Sunday, August 14, 2016

Two Posters, One Rant

The biggest problem with the denizens of Bullshit Mountain is they act like their shit doesn't stink. If they have success, they built it.  If they failed, the government ruined it for them. If they get a break, they deserved it.  If you get a break, it's a handout and an entitlement. It's a baffling, willfully blind cognitive dissonance... Jon Stewart
The appeal of such hate speech is that it doesn't look like hate speech at first, so people can continue to think well of themselves while subscribing to it.  It describes an attitude that is present in a mild form throughout humanity. Few people think like this this all the time, and even they not with anything near this intensity.  I know a person who has an enormous degree of resentment which spills out into her politics, angry at people who don't work as hard as she does, and have no obvious disability, but buy nice things with money they get from government and charity.  Yet even she acknowledges that she is lucky in many ways, and recognises that people besides herself might deserve better than life has dealt them.  I know a few others that display more of this attitude that Stewart deplores more than I like to hear.  They put up posters of their own on FB or drop comments at work, many of them unfair.

The group of people I hear this from the most are a subset of Mental Health Workers at the hospital; that is, people who work very hard for not very good money, putting their safety in danger daily and enduring regular verbal abuse, who nonetheless act very kindly to difficult people. While most of the patients they deal with are rather obviously sick and not capable of behaving much better in the moment, there are others - indeed, there are always one or two on any unit at any given moment - who act entitled, as we used to say. They do not seem to be incapable of working, yet they receive benefits in aggregate which are not much less than the hospital workers make. Worse, they have an attitude about it.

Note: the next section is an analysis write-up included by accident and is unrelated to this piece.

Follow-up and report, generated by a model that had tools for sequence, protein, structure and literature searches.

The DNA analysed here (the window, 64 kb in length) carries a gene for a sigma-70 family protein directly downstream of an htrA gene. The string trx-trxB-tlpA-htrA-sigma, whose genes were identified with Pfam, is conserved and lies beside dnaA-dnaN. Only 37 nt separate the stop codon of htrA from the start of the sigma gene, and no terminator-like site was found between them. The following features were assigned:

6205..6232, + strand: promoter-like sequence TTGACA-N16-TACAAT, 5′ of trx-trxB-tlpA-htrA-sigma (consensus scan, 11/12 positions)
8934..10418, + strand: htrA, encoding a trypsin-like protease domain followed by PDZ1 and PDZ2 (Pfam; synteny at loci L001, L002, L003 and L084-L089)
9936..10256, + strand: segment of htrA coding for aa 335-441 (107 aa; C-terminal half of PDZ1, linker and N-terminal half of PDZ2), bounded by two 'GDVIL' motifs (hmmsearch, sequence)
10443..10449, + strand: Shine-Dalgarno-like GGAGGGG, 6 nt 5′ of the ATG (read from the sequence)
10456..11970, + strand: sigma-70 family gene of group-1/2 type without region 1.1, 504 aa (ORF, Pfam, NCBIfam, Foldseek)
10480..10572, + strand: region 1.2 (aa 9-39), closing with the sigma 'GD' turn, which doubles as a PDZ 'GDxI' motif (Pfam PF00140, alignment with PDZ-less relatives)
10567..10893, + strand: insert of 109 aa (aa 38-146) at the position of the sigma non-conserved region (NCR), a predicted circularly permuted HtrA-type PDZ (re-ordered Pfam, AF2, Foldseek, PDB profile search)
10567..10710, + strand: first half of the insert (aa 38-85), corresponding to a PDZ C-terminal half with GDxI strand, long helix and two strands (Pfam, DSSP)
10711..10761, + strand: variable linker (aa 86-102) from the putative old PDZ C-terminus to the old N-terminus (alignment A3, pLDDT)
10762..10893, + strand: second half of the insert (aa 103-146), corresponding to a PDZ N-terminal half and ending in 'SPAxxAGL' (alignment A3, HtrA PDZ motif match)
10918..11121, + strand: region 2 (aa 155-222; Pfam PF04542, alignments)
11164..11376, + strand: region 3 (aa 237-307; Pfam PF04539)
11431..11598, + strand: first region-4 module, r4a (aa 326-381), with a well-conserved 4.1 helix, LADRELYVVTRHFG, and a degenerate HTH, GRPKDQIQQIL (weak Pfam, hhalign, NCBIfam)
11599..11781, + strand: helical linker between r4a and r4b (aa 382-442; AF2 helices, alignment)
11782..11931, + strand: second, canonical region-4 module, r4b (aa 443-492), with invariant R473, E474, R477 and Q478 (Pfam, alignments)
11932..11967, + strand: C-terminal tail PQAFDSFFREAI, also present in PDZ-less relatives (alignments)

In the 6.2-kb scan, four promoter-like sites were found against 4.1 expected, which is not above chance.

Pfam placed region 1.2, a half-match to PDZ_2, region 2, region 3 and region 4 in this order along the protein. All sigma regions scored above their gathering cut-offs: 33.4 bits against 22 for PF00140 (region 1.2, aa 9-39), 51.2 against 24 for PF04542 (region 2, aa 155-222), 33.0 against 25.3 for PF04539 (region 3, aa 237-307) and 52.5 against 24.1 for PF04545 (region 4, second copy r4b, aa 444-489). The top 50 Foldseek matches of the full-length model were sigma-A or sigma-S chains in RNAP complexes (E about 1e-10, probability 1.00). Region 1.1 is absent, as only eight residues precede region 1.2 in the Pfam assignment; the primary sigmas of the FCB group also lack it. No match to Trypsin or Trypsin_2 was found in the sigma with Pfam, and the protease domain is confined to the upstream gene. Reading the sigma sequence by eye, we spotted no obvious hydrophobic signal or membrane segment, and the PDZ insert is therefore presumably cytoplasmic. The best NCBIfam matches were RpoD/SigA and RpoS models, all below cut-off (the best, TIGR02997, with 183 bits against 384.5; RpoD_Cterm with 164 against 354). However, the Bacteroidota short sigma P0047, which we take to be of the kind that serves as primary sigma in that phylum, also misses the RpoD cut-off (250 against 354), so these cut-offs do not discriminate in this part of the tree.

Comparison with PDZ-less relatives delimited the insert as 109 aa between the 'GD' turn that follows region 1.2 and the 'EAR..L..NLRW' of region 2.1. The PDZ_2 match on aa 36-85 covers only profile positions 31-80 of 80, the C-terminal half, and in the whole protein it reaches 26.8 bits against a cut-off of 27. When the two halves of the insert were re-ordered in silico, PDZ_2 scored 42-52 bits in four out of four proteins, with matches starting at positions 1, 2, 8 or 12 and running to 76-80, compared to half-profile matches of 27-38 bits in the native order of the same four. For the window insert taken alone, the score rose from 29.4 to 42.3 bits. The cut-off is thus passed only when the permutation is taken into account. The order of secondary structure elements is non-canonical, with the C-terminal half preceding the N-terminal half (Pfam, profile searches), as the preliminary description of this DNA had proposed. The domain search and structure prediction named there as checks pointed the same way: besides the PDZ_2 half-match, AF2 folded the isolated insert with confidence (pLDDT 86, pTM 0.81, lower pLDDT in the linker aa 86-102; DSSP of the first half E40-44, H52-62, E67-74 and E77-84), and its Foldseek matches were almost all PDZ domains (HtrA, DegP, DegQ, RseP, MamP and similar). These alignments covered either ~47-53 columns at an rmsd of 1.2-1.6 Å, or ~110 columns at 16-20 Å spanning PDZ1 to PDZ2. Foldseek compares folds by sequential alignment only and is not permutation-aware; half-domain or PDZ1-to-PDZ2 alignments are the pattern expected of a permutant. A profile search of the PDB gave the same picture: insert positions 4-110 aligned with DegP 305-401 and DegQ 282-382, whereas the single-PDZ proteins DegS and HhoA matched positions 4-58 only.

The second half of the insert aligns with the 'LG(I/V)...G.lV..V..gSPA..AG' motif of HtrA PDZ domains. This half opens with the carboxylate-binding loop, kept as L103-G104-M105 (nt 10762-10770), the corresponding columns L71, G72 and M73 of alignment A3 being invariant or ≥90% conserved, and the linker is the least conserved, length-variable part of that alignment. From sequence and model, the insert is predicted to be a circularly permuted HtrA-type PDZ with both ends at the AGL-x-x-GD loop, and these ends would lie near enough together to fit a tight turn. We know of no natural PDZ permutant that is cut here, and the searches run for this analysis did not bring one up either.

Those workers are the people I know who come closest to fitting Stewart's description.  And they aren't very close.  I would like for you to imagine who the people are that Jon Stewart hangs around with every day.  I have no knowledge, but I'm guessing that he doesn't spend a lot of time with the small contractors and appliance repairmen who grouse unfairly about people on welfare and exaggerate how many of them there are. If he actually knew them, he might have more sympathy with them and moderate his words.  He might say "Y'know, Americans overestimate how many undeserving people receive benefits. And most of us aren't grateful enough for the breaks we've received in life." That would be true, and fair. But he would rather paint them in black-and-white.

I searched around for how different the perceptions are among the various American political tribes on the matter, to see if there were any justification for Stewart's cartoon. There's no justification. He doesn't know such people, he just makes them up on the basis of what he reads, and the teensy subset of people who write in to criticise him. His readers don't see it as hate speech, they see it as "strongly-worded," or whatever.

Exercise:  in Stewart's quote, take out the phrase "the government" and put in one of the racism/sexism/homophobia-type words. You might play with the last sentences about "corporate entitlements" or "patriarchy" or whatever if you want to really tighten it up, but it works okay just as it stands.  Imagine any public figure making that statement and the amount of retraction and backpedaling they would have to do the next morning over complaints of their hate speech.  Which would be fair, BTW.  It would be a terrible thing to imply about some group, deeply unfair.  It's one thing to read someone ranting like that in a comment section or typing along on some blog even more obscure than mine, but people with any audience are held to higher standards, and should be.

It's just a lot more fun to hate, I guess, to imagine that the people who disagree with you are not just wrong, not just insensitive and a bit hypocritical, but flat out evil.  Life is simpler that way.

Second Poster: I have been seeing variations for the last three months on the theme of The Reason That I (am a liberal/ don't support Trump/ am not a conservative/ am voting for Sanders) is that